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  • Author or Editor: E. L. Magaziner x
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E. L. Magaziner

Abstract

The simulation of crystal growth by diffusion and by accretion of cloud droplets is incorporated into the Lavoie mesoscale numerical model for lake-effect storms. The model also allows simulation of seeding and its effect on changing the precipitation growth mode from riming to diffusion. Precipitation particle trajectories are computed so that the effects of seeding on snowfall distribution can be simulated. The model's predictions agree well with observations of nonseeded cases and, in terms of computer time, the model is sufficiently practical to allow experimentation with various seeding strategies under various meteorological conditions. Numerical seeding experiments with the model indicate that optimum seeding strategies can shift the characteristic localized heavy snowfalls to areas where their effect will be less damaging.

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E. L. Magaziner
and
H. K. Weickmann

Abstract

The mesoscale, individual-hailstreak structure of hailswaths can markedly affect the analysis of hail suppression experiments that are based on protecting a given area from approaching hailswaths. Calculations reveal that such an experiment may (depending on the size of the protected area and on hailstreak length) be counted as a success even when the hail suppressing activity is ineffective. This phenomenon may have contributed to serious errors in the evaluation of the pilot test program in hail suppression conducted in the Soviet Union during 1961–63, on which consequent programs were based.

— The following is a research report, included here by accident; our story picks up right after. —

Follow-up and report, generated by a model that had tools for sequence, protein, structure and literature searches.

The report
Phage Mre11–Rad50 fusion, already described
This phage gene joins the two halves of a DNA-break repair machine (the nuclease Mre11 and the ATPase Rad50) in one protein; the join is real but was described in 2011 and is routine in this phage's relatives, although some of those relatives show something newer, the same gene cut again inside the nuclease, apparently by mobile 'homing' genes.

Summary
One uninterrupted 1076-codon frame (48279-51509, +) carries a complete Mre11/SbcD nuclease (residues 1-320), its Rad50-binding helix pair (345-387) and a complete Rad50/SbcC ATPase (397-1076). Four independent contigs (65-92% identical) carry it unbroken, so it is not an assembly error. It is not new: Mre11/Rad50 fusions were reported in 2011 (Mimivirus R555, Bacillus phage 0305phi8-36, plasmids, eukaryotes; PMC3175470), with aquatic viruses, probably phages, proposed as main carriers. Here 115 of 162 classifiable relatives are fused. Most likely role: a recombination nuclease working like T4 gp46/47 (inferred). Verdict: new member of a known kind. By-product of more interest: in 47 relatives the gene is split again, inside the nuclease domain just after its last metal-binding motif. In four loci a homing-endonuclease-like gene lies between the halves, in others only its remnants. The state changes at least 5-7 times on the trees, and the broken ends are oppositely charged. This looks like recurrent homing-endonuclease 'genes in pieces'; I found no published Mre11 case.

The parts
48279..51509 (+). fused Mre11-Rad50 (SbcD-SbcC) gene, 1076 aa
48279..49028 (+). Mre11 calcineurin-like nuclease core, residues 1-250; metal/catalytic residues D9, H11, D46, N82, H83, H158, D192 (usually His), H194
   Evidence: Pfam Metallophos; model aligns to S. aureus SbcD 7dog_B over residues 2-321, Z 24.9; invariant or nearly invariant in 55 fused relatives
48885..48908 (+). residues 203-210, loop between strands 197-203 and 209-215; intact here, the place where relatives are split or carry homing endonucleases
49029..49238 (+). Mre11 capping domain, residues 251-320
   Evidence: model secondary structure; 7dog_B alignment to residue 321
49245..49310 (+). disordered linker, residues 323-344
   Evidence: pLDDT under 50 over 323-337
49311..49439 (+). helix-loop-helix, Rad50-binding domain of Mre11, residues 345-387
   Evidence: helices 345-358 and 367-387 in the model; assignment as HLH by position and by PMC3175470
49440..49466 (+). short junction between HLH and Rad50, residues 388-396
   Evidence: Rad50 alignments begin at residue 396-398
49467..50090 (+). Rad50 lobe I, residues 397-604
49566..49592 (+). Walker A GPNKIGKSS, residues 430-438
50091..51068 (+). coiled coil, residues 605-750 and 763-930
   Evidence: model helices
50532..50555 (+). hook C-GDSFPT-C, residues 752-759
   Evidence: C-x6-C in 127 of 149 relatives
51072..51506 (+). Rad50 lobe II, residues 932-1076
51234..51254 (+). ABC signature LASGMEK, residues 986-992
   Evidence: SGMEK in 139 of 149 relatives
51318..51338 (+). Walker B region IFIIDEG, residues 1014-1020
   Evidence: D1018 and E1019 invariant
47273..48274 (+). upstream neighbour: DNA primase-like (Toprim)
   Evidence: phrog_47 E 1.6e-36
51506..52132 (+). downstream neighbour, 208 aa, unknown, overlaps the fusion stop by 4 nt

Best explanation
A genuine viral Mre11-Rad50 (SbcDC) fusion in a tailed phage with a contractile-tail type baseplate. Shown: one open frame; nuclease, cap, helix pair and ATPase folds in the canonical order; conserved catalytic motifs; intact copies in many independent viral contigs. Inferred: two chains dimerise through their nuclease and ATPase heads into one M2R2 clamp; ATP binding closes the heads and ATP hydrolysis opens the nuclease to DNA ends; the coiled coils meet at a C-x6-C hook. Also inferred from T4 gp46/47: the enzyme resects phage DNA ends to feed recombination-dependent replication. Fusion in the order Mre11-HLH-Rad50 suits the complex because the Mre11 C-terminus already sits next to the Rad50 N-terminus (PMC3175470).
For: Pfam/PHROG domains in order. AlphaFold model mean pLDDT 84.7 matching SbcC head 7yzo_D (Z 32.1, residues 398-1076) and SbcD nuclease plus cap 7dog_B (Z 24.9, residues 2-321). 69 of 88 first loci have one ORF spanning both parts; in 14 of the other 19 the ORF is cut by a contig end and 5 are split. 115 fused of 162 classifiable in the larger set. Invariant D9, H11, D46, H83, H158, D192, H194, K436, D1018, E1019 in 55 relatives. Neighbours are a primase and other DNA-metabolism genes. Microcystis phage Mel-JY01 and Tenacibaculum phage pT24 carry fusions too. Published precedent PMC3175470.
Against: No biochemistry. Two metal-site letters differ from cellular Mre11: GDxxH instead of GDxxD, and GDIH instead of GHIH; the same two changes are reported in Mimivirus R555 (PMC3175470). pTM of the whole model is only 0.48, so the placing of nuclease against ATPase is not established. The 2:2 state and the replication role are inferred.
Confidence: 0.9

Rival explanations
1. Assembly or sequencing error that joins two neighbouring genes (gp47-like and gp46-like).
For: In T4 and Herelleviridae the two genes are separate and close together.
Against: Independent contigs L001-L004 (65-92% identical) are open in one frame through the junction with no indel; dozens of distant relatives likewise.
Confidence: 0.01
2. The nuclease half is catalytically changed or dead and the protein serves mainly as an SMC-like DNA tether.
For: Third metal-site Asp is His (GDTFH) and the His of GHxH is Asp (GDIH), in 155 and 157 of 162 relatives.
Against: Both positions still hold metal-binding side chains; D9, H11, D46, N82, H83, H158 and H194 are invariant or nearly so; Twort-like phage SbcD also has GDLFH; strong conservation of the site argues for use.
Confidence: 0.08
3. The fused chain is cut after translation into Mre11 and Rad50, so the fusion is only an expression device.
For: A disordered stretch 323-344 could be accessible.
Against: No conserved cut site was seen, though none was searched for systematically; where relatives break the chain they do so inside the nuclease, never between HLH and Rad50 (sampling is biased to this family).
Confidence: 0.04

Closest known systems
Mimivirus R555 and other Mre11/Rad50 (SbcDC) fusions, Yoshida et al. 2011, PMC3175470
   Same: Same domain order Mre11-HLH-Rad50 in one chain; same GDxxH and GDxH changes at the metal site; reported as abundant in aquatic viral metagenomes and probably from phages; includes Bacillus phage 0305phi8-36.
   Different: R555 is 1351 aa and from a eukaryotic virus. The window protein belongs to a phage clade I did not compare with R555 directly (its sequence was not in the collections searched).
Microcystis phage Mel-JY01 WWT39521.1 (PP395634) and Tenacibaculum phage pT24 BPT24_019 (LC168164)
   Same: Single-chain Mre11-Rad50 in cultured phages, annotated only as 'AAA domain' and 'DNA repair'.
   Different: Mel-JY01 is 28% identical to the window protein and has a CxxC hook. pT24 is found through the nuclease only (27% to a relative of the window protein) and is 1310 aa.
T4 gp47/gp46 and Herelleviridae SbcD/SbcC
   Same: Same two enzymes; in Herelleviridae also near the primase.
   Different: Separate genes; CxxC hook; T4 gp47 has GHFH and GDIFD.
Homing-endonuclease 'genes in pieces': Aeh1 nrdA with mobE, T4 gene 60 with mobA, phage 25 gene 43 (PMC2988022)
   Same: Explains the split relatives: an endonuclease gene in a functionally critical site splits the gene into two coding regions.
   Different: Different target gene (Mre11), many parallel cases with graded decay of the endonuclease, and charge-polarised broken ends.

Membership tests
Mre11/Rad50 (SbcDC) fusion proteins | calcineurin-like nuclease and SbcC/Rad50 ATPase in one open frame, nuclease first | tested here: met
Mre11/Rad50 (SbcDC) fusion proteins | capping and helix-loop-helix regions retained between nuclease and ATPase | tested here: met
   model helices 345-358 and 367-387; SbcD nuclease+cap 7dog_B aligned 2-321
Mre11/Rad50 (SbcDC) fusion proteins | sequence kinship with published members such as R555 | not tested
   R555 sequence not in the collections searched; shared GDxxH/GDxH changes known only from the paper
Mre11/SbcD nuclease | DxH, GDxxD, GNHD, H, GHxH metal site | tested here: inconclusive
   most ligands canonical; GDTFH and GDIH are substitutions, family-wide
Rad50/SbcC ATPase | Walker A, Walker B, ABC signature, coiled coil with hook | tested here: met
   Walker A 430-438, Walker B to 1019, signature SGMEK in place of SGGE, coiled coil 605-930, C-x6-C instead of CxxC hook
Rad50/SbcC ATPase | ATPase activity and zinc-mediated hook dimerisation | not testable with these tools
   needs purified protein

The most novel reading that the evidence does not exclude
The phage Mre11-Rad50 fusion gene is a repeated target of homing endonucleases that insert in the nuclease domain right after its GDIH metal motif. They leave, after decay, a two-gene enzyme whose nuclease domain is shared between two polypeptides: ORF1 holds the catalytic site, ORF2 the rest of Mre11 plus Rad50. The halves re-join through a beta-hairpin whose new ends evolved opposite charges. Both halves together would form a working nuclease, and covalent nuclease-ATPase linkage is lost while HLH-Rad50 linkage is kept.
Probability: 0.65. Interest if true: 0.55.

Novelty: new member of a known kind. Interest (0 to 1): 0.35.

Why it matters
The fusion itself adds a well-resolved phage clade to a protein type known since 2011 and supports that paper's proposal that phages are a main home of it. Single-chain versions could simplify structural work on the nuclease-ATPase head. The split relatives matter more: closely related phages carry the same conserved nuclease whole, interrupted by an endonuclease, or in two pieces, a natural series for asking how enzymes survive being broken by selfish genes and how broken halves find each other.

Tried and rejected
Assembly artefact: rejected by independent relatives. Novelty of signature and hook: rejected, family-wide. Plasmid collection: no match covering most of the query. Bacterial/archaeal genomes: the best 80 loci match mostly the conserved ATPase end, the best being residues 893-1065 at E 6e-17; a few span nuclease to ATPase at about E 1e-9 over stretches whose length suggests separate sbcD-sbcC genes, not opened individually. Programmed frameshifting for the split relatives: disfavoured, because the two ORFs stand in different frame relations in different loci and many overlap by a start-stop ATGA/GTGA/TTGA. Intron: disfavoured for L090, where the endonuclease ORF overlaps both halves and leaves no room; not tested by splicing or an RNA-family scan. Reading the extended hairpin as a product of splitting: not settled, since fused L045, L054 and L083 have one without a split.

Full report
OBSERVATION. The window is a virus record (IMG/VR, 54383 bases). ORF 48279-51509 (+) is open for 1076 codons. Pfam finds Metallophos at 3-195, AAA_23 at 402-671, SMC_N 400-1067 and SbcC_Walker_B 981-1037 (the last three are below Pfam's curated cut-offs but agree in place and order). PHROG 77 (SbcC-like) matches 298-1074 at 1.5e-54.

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Charles F. Chappell
,
E. L. Magaziner
, and
J. Michael Fritsch

Abstract

Non-iterative methods for computing isobaric wet-bulb temperature and the temperature at the lifted sublimation level are presented. These quantities are then computed by these direct techniques and compared to values derived through iterative methods. In the case of the isobaric wet-bulb temperature, differences in the two methods are less than 1C over normal ranges of atmospheric temperature and pressure for dewpoint depressions <30C. Differences in the two methods are less than 0.03C for the temperature at the lifted sublimation level over the same range of dewpoint depression.

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J. M. Fritsch
,
E. L. Magaziner
, and
C. F. Chappell

Abstract

A technique for generating analytical initial conditions for three-dimensional numerical models is presented. The technique combines trigonometric and other mathematical functions with meteorological constraints to construct an idealized atmosphere which exhibits commonly observed “real” atmosphere structural characteristics. For example, pressure and thermal waves which slope with height, tropopause, low-level moist tongue, phase differences in pressure and thermal waves, and a jet maximum at the tropopause level are all generated by the simple system of equations.

Examples of both mesoscale and synoptic-scale initial conditions are given, and results of integrating the mesoscale initial conditions in a three-dimensional model are shown. The initialization procedure is economical and flexible, and potential applications include testing weather modification sensitivity, finite-difference schemes, lateral boundary formulations, and various subgrid-scale parameterizations.

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